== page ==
Wednesday, September 06, 2006

Be Patient - They Really Do Have Brains

I browse and blog; Mom watches TV and passes tips on to me. With this one, I believe she has in mind the survival of her grandchildren. Now, I'm not talking about vague, hypothetical grandchildren surviving an ecological crisis. I'm talking about those two specific grandchildren of my mother that happen to live with me, and their chances of surviving their own adolescence and its effects on me.


Anonymous said...

Laura - I work with student athletes, tutoring them, often late at night, in biology, chemistry, marine sciene, whatever, and we enjoy contrasting my waking hours with theirs. They love this sort of thing.

They get to bed late, sometimes very late, as any person under the age of 25 would, and as I did at that age. If they were normal people of their age they'd arise late too, noon or so, let's say.

I, in contrast to their peers, have increasingly found myself getting up in the wee hours of the morning to wander about the house, enjoy some coffee, read a bit, do my morning blogging, whatever. At this point I'm entirely concious, that might change as I get older. This, I understand, is how things work when you get older.

Unfortunately for the 20-something student athletes, they usually have to get up at 5am to practice or work out, instead of sleeping in. This is completely contrary, at their age to the development of the younger human brain.

We spend a fair amount of time talking about things like this. I commiserate completely with them, understanding that their sleep-demanding cortices haven't completely developed and yet they have the cultural and physiological imperatives to stay up late just like everyone else their age, when in defiance of those imperatives they must arise early as no self-respecting non-athlete young person would.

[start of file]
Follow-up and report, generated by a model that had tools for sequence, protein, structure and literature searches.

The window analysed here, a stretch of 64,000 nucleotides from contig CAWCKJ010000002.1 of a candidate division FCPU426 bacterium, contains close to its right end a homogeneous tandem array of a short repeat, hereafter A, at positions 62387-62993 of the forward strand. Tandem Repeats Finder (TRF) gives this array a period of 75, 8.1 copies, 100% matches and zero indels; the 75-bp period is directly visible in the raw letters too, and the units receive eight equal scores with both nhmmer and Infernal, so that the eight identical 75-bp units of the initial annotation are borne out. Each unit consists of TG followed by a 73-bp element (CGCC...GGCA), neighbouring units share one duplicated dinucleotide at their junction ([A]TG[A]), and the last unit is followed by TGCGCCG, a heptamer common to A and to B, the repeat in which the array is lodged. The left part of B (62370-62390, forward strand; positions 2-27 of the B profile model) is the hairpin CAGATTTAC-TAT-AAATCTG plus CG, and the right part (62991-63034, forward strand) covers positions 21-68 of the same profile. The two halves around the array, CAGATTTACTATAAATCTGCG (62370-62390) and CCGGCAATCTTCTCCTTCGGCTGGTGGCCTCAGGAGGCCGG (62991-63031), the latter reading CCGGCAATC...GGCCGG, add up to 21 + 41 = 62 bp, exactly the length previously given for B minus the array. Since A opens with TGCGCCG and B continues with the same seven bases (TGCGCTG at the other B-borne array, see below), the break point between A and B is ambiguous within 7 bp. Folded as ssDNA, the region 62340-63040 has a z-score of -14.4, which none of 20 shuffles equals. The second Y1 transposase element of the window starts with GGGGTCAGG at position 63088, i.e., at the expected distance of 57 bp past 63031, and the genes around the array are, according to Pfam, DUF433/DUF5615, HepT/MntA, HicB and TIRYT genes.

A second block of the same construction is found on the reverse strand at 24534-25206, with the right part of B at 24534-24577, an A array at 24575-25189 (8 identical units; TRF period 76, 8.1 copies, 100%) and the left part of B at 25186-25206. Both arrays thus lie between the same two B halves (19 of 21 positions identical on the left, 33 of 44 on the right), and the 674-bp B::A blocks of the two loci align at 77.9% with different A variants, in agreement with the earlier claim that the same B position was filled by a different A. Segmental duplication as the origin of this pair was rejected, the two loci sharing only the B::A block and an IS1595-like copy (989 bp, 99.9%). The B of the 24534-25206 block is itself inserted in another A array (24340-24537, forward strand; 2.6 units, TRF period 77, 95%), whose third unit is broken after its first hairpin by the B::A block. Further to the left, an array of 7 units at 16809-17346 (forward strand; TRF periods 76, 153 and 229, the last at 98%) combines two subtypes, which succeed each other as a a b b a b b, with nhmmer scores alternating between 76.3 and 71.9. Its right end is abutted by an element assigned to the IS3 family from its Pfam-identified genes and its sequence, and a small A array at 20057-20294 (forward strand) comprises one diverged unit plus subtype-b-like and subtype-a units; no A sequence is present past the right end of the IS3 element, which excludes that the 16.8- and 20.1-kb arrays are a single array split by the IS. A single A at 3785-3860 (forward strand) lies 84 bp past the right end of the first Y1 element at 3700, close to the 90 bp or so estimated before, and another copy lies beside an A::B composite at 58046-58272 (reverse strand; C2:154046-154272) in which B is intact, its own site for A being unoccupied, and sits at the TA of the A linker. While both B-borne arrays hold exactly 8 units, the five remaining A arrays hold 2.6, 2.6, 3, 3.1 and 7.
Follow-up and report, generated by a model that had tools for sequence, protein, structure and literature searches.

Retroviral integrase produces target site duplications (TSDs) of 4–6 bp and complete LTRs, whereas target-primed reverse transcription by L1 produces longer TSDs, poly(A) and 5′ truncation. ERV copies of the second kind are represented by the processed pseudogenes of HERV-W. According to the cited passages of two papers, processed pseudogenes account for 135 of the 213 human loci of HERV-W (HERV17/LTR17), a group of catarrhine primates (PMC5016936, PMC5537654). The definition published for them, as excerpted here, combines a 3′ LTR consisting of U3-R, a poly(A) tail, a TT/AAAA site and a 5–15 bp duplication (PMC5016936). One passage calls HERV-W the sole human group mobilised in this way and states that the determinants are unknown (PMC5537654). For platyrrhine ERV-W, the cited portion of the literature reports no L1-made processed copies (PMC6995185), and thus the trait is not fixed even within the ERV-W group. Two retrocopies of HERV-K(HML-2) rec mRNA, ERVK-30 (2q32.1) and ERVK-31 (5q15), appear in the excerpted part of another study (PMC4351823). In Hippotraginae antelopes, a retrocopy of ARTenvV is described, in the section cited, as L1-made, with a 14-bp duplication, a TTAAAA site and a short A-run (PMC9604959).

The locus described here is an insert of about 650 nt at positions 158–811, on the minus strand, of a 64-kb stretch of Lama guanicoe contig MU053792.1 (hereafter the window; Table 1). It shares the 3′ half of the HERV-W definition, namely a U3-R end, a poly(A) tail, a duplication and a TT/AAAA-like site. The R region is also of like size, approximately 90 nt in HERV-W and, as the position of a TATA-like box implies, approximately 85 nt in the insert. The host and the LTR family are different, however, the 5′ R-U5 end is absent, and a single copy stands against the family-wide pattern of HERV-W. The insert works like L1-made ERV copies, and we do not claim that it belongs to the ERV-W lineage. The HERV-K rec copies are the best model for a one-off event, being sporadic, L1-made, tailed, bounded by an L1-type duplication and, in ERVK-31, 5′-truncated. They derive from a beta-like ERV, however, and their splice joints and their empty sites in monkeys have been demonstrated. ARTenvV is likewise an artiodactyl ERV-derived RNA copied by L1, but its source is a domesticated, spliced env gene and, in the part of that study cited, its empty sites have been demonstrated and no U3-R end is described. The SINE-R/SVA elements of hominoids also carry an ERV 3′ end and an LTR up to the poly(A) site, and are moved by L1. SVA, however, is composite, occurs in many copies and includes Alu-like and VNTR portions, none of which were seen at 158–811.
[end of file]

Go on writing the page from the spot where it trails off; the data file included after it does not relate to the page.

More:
We have quite an understanding.

arcolaura said...

Yes, I'm thinking that some understanding is going to be key, for the next few years.

They're great kids, really. But there have been some baffling outbursts lately. I was particularly struck by the part about young people being unable to distinguish between anger and fear in a facial expression. That could explain something. Perhaps our kids are mistaking a look of concern for a look of anger, and then hearing a fairly calm statement as if it was a yell. You see, there have been several instances when they have said, "You're always yelling at us!" and we have looked at each other, quite certain that their voices went up much sooner and much farther than ours did.

Patience, understanding, and humour - but we find we must be very careful how we apply that last one, or we get "You're always mocking me!"